New Israeli ambassador to U.S. a brash Netanyahu loyalist

In the first five minutes of his address to an AIPAC conference, Ron Dermer laced his speech five times with the phrase “I was with him when” — the “him” referring to Benjamin Netanyahu.

“I can shed a little insight into the mind of the Israeli prime minister,” Dermer told the crowd in 2009, “because on that I’m something of an expert.”

This week, the Israeli prime minister named Dermer to the country’s most important diplomatic post, the ambassadorship to Washington.

Ron Dermer speaks at a 2009 convention in Jerusalem. photo/jta-flash90-miriam alster

Dermer has a steadfast closeness to Netanyahu and utterly buys into the prime minister’s most cherished notion about himself — that he has been right when others have been wrong.

“He’s a man of basic core convictions who has time after time been willing to stand against the current when it was not popular,” Dermer told the American Israel Public Affairs Committee.

Born to a family of conservative Democrats in Miami — both his father and brother are former Miami Beach mayors — Dermer, 41, served as Netanyahu’s top adviser from his assumption of office in March 2009 until his new term began in March of this year.

But Dermer is known for more than just loyalty to his boss. His reputation is as a brash political player dismissive of those with whom he disagrees.

He is rumored to be responsible for the news stories about President Barack Obama’s supposed snub of Netanyahu during his 2010 White House visit. And Obama administration officials believe he was behind Netanyahu’s perceived tilt toward Mitt Romney in last year’s presidential election.

“To me, it’s not an ideal choice, as he’s seen as extremely political and as someone who has repeatedly gone to the press with negative stories,” said a former Obama administration official.

Dermer’s reputation raised eyebrows when his name first surfaced earlier this year as a possible replacement for Michael Oren, the historian turned diplomat who will wind down his tenure in Washington this fall. But leaders of mainstream Jewish groups, which lavishly praised the pick when it was announced on July 9, said those muddied waters were under the bridge.

“He’s coming here as ambassador to the United States, not to get involved in partisan politics,” said David Harris, the American Jewish Committee director. “The prime minister knows it. He knows it.”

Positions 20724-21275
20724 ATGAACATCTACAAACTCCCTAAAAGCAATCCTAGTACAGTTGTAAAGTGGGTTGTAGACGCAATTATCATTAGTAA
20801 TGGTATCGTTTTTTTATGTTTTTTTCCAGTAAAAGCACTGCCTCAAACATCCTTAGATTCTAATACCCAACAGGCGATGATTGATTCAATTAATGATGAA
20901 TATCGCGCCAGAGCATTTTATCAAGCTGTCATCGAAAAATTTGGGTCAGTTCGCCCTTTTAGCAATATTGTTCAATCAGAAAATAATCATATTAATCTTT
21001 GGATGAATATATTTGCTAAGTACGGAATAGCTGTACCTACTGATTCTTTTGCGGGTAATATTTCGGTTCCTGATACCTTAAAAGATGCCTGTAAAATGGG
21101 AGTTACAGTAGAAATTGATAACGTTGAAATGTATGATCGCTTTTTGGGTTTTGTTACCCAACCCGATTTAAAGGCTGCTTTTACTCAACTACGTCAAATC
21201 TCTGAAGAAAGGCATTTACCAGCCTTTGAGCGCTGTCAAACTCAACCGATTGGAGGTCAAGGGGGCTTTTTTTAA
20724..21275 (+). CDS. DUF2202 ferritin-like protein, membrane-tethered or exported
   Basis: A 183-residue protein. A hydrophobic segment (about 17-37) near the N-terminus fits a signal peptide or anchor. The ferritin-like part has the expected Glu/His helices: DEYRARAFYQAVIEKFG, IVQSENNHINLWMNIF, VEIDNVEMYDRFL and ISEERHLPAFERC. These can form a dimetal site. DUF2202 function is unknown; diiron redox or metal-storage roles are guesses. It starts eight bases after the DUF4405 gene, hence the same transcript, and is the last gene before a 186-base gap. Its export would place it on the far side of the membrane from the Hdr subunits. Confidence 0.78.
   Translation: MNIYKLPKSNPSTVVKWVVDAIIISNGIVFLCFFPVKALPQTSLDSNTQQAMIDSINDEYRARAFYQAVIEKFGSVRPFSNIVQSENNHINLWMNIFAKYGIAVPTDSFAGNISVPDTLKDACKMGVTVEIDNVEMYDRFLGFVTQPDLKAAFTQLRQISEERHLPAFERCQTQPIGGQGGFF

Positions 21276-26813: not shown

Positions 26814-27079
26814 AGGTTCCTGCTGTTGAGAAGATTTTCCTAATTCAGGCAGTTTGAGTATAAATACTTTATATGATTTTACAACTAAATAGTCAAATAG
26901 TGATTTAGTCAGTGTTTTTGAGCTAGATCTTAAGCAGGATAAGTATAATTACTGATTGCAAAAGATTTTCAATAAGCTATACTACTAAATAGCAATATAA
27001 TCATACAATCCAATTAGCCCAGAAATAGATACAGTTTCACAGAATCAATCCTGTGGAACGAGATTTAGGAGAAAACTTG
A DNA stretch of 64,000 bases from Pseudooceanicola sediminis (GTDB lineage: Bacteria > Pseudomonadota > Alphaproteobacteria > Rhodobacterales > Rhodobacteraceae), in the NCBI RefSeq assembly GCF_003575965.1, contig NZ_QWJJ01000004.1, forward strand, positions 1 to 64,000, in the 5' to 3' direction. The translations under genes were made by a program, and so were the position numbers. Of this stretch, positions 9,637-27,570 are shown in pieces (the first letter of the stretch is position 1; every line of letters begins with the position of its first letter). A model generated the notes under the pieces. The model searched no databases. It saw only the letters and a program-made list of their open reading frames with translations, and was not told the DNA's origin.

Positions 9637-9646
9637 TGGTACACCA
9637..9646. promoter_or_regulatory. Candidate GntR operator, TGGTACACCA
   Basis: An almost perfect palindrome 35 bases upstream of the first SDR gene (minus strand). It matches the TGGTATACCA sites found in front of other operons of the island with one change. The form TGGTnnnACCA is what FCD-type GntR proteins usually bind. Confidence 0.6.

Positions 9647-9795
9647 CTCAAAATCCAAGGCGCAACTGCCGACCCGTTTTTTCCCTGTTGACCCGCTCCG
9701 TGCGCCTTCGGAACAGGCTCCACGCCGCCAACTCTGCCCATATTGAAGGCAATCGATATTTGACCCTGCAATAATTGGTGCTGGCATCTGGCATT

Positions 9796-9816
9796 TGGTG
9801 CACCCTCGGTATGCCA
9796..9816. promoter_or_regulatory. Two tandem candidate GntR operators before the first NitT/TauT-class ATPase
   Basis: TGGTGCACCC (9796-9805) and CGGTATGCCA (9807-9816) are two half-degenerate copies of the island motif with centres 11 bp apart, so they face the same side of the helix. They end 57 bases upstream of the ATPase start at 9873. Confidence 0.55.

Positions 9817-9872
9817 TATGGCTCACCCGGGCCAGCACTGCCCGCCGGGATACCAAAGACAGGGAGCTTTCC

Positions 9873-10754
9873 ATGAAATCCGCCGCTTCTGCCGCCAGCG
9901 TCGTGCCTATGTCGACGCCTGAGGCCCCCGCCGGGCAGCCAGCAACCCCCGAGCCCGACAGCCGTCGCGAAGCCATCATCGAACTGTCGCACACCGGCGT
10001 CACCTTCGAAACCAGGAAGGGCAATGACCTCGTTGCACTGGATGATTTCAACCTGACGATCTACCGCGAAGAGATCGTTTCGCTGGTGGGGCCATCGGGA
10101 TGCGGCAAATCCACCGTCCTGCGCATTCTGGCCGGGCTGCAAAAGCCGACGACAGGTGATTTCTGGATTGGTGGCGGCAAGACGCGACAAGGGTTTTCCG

Still, Dermer is known for making the case for his boss in an abrasive tone. In 2011, he declined a New York Times request for an op-ed in a letter that was later leaked to the Jerusalem Post. “It would seem as if the surest way to get an op-ed published in the New York Times these days, no matter how obscure the writer or the viewpoint, is to attack Israel,” Dermer wrote.

Dermer immigrated to Israel in 1997 after several years of involvement in Republican congressional politics. He drew close at first to former Soviet political prisoner Natan Sharansky, co-writing with him “The Case for Democracy.”

Through Sharansky, Dermer met Netanyahu, and they forged an immediate closeness. Netanyahu, the finance minister in the mid-2000s, sent Dermer to Washington as economic consul.

Dermer lets little stand in his way. Oren — beloved by the American Jewish community and also U.S.-born — wanted to keep his job, insiders say, and the only reason he was removed is that Dermer wanted the post.

Oren and his two predecessors, Salai Meridor and Daniel Ayalon, made outreach to the U.S. Jewish community a hallmark of their tenure. Oren in particular was sensitive to anger in the Jewish community over Israel’s perceived discrimination against women and helped broker a tentative compromise that would allow for egalitarian prayer at the Western Wall.

In 2009, Dermer said he considered cultivating ties with the American Jewish community’s liberal wing a waste of time. Dermer is believed to be behind the liberal lobby J Street’s inability to secure meetings with high-level officials during its Israel trips. Oren, by contrast, has forged low-level ties with the group.

Like other Jewish groups, J Street welcomed Dermer’s appointment.

Dermer also led efforts in the Prime Minister’s Office to limit the activities of human rights groups in Israel, casting them as agents of foreign powers. Some of the groups have the support of leading Jewish liberal benefactors from the United States.

Dermer’s defenders in Washington say those issues are dwarfed by the immediate challenges facing Israeli-U.S. interests in the Middle East.

“He will be an effective representative of the State of Israel generally, and Prime Minister Netanyahu specifically, as we are in a crucial period of U.S.-Israel relations with the need to stop Iran from developing a nuclear weapon,” said William Daroff, who directs the Jewish Federations of North America’s Washington office.

Ron Kampeas

JTA D.C. bureau chief